From Building Classrooms to Building Community Relationships
It’s often hard to grasp just how much VISIONS teen volunteers accomplish in a summer. This past summer, for instance, we built structures big and small, ranging from classrooms in the Dominican Republic to wheelchair ramps for elders in many of our U.S. locations. These physical structures are what we leave behind as a token of our gratitude to the communities that welcome us into their lives.
But that’s not all that we build. By returning to live and work in our same host communities year after year, we also build connections with people, help raise their spirits (as they raise ours), let them know that others care (such as in the Gulf Coast, where we are still working 10 years after Hurricane Katrina), and forge relationships that help us understand their culture more while helping them understand ours. Basically, a lot of the results of VISIONS service work is intangible, but it can be just as impactful as the physical structures we leave behind.
On that note, here’s a rundown of the overall work, both tangible and intangible, that we completed across our 12 program sites this summer.
In Alaska, Mississippi, and the Montana Blackfeet and Northern Cheyenne Indian Reservations, our teenvolunteers focused on carpentry projects that included home renovations, wheelchair ramps, and build ing small infrastructure at local parks and gathering places. Other service projects involved environmental work and social service, such as the Kids Kollege day camp on the Northern Cheyenne.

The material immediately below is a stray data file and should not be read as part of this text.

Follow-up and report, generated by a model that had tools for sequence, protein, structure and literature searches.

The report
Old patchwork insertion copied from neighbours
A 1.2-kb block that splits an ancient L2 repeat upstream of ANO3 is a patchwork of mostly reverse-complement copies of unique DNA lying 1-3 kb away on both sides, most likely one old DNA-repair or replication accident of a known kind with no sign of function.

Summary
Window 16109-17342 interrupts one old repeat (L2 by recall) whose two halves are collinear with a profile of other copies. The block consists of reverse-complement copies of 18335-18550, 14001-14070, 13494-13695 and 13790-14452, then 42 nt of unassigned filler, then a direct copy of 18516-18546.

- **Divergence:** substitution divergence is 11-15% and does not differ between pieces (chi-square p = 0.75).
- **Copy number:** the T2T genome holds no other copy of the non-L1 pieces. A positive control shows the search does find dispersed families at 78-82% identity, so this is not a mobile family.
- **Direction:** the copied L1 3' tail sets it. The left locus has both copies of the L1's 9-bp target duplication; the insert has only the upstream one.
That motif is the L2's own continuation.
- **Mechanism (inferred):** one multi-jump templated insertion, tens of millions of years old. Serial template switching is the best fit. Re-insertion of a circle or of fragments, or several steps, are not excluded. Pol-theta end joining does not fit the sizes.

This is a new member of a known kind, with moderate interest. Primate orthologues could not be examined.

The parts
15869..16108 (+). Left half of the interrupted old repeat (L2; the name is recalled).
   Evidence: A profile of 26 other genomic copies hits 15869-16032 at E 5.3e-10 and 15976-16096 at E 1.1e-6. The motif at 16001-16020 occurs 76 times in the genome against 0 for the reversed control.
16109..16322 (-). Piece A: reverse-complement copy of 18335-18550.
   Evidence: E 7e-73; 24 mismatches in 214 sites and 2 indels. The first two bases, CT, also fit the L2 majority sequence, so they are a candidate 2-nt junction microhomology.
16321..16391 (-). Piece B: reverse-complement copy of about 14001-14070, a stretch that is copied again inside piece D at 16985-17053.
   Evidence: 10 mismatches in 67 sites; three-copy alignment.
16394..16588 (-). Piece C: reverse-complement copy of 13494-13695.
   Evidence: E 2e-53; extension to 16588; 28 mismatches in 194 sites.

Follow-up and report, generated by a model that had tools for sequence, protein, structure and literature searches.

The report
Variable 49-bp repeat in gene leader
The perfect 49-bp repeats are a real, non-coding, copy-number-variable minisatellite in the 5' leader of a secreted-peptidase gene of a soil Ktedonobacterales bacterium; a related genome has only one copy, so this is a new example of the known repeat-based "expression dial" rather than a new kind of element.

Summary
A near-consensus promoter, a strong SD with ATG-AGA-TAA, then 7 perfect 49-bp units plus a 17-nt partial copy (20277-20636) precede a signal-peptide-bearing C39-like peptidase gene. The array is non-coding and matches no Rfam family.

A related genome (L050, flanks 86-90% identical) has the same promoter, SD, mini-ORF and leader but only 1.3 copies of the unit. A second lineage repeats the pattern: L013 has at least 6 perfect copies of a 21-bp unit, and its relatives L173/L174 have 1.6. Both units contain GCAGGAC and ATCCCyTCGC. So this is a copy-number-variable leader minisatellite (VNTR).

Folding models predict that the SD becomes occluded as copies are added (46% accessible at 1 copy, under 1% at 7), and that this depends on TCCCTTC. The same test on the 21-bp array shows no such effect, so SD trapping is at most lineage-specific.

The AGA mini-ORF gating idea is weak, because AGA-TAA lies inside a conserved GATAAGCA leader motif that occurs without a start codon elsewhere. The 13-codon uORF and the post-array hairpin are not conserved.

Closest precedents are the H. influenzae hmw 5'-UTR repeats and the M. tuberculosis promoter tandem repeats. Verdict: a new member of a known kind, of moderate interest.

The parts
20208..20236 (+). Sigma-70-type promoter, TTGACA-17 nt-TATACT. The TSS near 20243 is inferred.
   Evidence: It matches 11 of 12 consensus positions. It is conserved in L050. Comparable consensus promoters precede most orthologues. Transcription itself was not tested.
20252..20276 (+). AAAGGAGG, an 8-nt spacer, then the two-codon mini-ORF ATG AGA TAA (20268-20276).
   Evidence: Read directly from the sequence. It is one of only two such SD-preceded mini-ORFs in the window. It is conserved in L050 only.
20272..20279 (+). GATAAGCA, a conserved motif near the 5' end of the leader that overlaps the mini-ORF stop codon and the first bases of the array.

During our VISIONS Myanmar (Burma) summer program, VISIONS teens worked with the students and staff of Phaung Daw Oo Monastery School, which is also our homebase. Our group facilitated English lessons for primary and secondary students, constructed a shade structure, and as sisted with repair and construction projects at the school.
The VISIONS Dominican Republic (DR) and Cambodia programs also focused on school infrastructure. In the D.R., our teen volunteers completed the addition of two classrooms to a school built by VISIONS several years ago. Meanwhile in Cambodia, participants built a much-needed two-stall latrine for a school of 400 students that had only basic facilities. The group also fixed a handwash station and taught English classes.
Our Central and South America Spanish immersion programs focused on community-wide projects, such as tourist kiosks in Sucre, Ecuador, the completion of a two-story albergue community center in Nicaragua, and a large-scale irrigation project in Peru, just to name a few.
Caribbean programs focused on small infrastructure and social service projects, such as building playground equipment and doing major home renovations in the British Virgin Islands. In the French language immersion program of Guadeloupe, VISIONS teens completed trail and organic farm work, and also facilitated activities and English classes for a local day camp.